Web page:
Operation & Maintenance

Small portable gensets typically require maintenance every 200 to 400 running hours. Maintenance tasks include draining and changing the engine oil, changing the filter, and disposing of the used oil and filter. Maintenance may be performed in-house or by external service companies, such as the genset manufacturer or distributor.

If maintenance tasks such as changing the engine oil are not carried out on a regular basis, genset components can deteriorate, resulting in reduced efficiency and shortened equipment life. In Winrock’s experience, generator set maintenance is at risk of being neglected in schools and other non-commercial facilities, where there is little personal incentive for teachers and other volunteers to ensure long-term care of the equipment. Entrepreneurs whose livelihoods depend on keeping the gensets running smoothly are more likely to make sure that proper maintenance is done.

Environmental Impacts

The main environmental drawbacks of genset use are air pollution, noise, and emission of greenhouse gases. It is also common to have leaks or spills of engine oil and fuel around the generator during the process of maintenance and refilling the tank. This can introduce pollutants to nearby waterbeds and rivers.

Noise can be an important environmental factor for local communities to take into account when considering the use of a generator set. The noise level for a 3 kW diesel generator can be 70 or 80 dB, about as loud as freeway traffic or an alarm clock. Generator noise has caused problems in rural schools when the generator is located near a classroom.

The type of fuel used can lessen air pollution to some degree. Compared to diesel, biodiesel reduces emissions of carbon monoxide and particulate matter as well as total unburned hydrocarbons. Since the sulfur content of biodiesel is very low, it does not contribute to the sulfur dioxide emissions that are often a major concern with the use of regular diesel. A joint study by the U.S. Department of Energy and Department of Agriculture estimated that biodiesel reduces life cycle carbon dioxide by 78% (Ref).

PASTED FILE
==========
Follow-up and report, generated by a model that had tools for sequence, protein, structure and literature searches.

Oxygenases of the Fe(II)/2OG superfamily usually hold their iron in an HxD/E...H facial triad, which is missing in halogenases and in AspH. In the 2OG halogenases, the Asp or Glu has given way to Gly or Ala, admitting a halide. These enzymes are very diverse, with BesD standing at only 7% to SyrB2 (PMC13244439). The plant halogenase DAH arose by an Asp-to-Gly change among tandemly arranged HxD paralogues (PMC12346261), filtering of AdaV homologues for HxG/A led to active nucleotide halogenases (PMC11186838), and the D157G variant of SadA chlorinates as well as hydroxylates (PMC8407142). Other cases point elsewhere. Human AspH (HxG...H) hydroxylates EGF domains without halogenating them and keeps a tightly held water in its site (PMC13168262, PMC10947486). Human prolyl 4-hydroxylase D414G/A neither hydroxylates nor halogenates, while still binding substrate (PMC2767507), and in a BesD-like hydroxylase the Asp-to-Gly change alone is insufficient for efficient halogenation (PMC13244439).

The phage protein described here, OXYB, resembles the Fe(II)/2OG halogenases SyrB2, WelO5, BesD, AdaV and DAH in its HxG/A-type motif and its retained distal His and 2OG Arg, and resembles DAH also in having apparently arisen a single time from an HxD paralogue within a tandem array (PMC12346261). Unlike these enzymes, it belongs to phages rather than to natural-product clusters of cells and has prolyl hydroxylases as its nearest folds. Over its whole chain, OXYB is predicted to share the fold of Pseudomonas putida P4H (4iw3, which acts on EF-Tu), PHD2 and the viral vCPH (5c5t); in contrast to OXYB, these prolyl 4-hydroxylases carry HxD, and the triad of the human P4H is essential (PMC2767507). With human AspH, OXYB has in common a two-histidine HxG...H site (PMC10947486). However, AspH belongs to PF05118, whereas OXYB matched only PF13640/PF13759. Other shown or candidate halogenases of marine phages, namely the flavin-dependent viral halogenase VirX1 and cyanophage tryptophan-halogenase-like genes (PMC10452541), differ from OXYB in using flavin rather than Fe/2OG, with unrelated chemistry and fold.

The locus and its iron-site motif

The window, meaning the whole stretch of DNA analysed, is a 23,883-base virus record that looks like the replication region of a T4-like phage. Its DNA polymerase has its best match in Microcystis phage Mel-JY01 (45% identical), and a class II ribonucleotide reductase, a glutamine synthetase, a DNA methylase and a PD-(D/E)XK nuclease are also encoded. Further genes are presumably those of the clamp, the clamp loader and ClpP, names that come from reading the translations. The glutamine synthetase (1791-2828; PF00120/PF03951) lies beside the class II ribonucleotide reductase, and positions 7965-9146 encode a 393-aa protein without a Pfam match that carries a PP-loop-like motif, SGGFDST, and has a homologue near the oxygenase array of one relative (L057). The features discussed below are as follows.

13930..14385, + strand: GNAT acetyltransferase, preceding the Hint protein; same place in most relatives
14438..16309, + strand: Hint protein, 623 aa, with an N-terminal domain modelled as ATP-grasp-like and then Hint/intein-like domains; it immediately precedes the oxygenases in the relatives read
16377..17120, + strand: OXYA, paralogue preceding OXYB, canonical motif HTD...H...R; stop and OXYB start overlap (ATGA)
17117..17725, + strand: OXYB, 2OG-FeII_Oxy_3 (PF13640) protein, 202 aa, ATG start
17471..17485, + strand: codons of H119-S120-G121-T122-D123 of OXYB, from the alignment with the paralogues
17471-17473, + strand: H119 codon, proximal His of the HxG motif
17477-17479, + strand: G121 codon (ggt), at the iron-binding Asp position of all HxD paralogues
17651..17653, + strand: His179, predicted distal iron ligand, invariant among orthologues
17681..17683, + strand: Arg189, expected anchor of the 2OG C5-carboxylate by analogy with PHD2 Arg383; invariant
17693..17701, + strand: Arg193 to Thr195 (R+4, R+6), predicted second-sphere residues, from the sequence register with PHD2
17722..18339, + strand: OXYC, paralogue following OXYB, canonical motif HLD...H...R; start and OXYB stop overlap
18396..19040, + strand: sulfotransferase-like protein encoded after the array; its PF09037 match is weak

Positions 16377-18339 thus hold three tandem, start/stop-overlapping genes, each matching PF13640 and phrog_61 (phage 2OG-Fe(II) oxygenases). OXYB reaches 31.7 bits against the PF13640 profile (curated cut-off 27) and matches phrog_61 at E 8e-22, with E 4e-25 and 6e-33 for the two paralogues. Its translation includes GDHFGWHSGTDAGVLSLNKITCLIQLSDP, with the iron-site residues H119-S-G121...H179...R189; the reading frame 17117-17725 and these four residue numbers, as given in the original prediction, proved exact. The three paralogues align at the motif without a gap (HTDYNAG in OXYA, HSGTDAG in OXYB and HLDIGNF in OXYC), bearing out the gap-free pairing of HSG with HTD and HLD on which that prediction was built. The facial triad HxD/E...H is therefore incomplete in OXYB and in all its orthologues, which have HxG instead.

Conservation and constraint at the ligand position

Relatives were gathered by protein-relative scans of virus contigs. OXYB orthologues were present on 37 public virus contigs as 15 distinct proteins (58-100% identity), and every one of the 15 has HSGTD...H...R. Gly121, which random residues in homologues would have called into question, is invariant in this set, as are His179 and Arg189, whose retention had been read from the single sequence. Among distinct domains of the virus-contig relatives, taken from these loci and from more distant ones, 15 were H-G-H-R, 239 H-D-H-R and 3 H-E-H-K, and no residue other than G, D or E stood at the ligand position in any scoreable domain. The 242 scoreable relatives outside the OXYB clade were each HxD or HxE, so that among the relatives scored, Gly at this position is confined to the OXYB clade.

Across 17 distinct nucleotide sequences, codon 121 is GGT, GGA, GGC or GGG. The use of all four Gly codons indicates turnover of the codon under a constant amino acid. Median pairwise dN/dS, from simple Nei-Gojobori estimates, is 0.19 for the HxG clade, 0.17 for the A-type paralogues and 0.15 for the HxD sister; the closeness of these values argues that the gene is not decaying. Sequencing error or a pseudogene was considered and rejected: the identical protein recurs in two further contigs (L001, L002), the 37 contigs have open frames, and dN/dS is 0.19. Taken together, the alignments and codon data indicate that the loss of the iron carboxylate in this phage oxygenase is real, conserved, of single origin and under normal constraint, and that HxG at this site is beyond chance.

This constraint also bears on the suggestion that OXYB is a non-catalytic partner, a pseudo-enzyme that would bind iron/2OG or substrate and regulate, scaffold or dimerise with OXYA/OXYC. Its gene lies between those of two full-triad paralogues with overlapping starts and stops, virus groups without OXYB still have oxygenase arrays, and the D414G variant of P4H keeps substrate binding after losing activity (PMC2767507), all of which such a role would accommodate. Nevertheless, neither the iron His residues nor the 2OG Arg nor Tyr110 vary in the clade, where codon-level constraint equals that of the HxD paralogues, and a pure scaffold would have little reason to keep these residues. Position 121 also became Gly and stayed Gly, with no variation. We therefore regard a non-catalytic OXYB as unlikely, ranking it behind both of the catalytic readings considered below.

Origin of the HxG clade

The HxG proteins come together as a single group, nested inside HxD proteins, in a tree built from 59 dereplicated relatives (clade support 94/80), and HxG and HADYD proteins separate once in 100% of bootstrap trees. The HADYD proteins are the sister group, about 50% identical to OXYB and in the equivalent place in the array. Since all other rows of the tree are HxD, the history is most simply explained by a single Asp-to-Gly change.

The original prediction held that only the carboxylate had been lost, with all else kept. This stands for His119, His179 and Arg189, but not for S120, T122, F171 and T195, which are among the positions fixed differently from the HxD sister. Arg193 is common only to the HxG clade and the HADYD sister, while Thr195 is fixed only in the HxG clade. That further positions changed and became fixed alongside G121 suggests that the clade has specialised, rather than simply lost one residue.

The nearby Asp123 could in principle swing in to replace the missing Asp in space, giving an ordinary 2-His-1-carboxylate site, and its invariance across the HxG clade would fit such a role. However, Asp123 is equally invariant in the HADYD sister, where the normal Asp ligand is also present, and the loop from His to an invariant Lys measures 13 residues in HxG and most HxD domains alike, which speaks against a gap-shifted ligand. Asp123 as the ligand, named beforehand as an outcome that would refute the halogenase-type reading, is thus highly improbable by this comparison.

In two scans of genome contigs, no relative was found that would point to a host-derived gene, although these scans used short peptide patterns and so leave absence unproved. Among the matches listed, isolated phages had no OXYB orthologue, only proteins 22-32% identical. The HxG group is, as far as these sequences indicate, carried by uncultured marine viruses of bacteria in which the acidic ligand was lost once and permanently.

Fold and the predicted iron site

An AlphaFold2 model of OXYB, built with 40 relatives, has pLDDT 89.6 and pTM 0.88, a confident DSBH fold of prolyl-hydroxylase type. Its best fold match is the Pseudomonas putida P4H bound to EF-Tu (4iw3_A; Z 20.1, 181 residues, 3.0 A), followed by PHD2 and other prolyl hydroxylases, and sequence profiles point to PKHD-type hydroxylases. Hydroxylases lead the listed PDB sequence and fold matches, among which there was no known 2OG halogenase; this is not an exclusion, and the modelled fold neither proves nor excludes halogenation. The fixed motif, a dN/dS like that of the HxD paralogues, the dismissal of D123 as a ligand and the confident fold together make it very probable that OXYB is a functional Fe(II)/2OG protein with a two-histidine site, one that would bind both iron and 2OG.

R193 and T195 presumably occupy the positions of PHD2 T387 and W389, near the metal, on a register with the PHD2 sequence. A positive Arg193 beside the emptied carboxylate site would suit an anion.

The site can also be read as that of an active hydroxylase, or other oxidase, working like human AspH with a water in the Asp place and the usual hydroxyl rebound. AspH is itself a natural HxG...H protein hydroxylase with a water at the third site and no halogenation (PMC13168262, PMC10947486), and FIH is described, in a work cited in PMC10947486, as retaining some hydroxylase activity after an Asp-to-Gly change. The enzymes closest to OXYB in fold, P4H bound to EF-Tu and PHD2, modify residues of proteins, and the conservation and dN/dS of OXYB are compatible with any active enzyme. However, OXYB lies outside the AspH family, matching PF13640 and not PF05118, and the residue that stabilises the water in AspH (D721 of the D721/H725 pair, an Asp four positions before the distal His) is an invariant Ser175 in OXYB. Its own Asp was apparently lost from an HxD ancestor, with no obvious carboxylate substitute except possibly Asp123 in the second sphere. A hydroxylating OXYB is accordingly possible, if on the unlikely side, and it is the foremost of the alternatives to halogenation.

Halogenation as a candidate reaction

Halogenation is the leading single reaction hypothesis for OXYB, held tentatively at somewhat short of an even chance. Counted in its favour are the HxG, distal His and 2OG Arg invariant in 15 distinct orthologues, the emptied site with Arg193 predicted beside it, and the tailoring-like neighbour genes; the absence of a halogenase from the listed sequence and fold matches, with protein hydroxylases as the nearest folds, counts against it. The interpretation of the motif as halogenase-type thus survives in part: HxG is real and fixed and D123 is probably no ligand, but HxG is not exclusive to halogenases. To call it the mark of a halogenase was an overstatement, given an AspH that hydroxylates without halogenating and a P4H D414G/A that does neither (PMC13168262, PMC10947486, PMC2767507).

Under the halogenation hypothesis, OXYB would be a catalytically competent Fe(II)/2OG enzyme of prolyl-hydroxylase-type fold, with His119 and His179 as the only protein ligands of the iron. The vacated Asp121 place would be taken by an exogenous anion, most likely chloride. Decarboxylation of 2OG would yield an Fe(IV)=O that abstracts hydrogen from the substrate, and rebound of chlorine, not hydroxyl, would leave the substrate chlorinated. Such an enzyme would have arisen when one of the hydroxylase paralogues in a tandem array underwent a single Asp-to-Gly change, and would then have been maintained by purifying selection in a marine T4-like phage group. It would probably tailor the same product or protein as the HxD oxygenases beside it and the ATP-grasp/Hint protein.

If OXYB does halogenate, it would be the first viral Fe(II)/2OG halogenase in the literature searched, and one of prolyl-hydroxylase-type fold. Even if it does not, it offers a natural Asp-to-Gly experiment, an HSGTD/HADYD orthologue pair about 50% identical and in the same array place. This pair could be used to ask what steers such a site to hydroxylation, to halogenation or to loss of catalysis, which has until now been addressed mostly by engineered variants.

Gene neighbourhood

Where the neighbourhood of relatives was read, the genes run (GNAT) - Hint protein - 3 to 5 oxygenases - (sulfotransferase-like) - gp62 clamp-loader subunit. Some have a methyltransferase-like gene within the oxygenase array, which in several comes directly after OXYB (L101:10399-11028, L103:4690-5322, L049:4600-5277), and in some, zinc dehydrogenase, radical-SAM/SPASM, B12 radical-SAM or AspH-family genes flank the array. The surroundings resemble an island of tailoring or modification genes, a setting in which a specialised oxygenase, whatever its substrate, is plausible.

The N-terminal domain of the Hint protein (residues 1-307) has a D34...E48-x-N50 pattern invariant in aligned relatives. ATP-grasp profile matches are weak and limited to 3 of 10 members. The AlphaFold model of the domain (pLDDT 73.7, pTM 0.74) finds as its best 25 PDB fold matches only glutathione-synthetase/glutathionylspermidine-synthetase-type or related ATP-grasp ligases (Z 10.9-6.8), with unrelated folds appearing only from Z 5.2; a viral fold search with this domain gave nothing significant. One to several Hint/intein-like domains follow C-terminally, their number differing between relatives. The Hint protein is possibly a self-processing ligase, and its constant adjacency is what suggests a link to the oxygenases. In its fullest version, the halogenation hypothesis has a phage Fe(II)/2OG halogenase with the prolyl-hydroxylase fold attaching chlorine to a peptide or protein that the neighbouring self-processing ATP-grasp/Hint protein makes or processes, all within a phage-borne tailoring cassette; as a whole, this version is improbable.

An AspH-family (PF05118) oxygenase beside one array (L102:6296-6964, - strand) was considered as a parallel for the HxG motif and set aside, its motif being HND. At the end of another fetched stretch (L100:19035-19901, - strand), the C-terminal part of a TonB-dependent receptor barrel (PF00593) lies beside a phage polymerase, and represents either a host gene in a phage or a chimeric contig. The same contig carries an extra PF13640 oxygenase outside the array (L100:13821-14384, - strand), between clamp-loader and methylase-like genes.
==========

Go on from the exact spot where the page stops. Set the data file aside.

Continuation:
The initial cost of a small-scale generator system, including additional components and services such as batteries, BOS, installation and engineering, is in the range of $1,000 per kW installed, less for higher capacity systems. However, this does not include the cost of fuel and maintenance, which are likely to be multiples of the initial investment over time if the generator is used as the primary power source.

Fees related to labor and parts depend on local conditions. According to the California Energy Commission, the maintenance costs of gasoline gensets range from US$0.007/kWh to US$0.015/kWh, while maintenance costs of diesel gensets range from US$0.005/kWh to US$0.010/kWh (Ref). One Indian manufacturer of small portable gensets provides maintenance service at a cost of 250 Rupees (US$5.45) for labor plus Rs150 to Rs250 (US$3.27 to US$5.45) for materials. At the latter rates, a generator with output of 1.5 kW, that required maintenance every 200 to 400 running hours, would have an O&M cost ranging from $0.015/kWh to $0.036/kWh.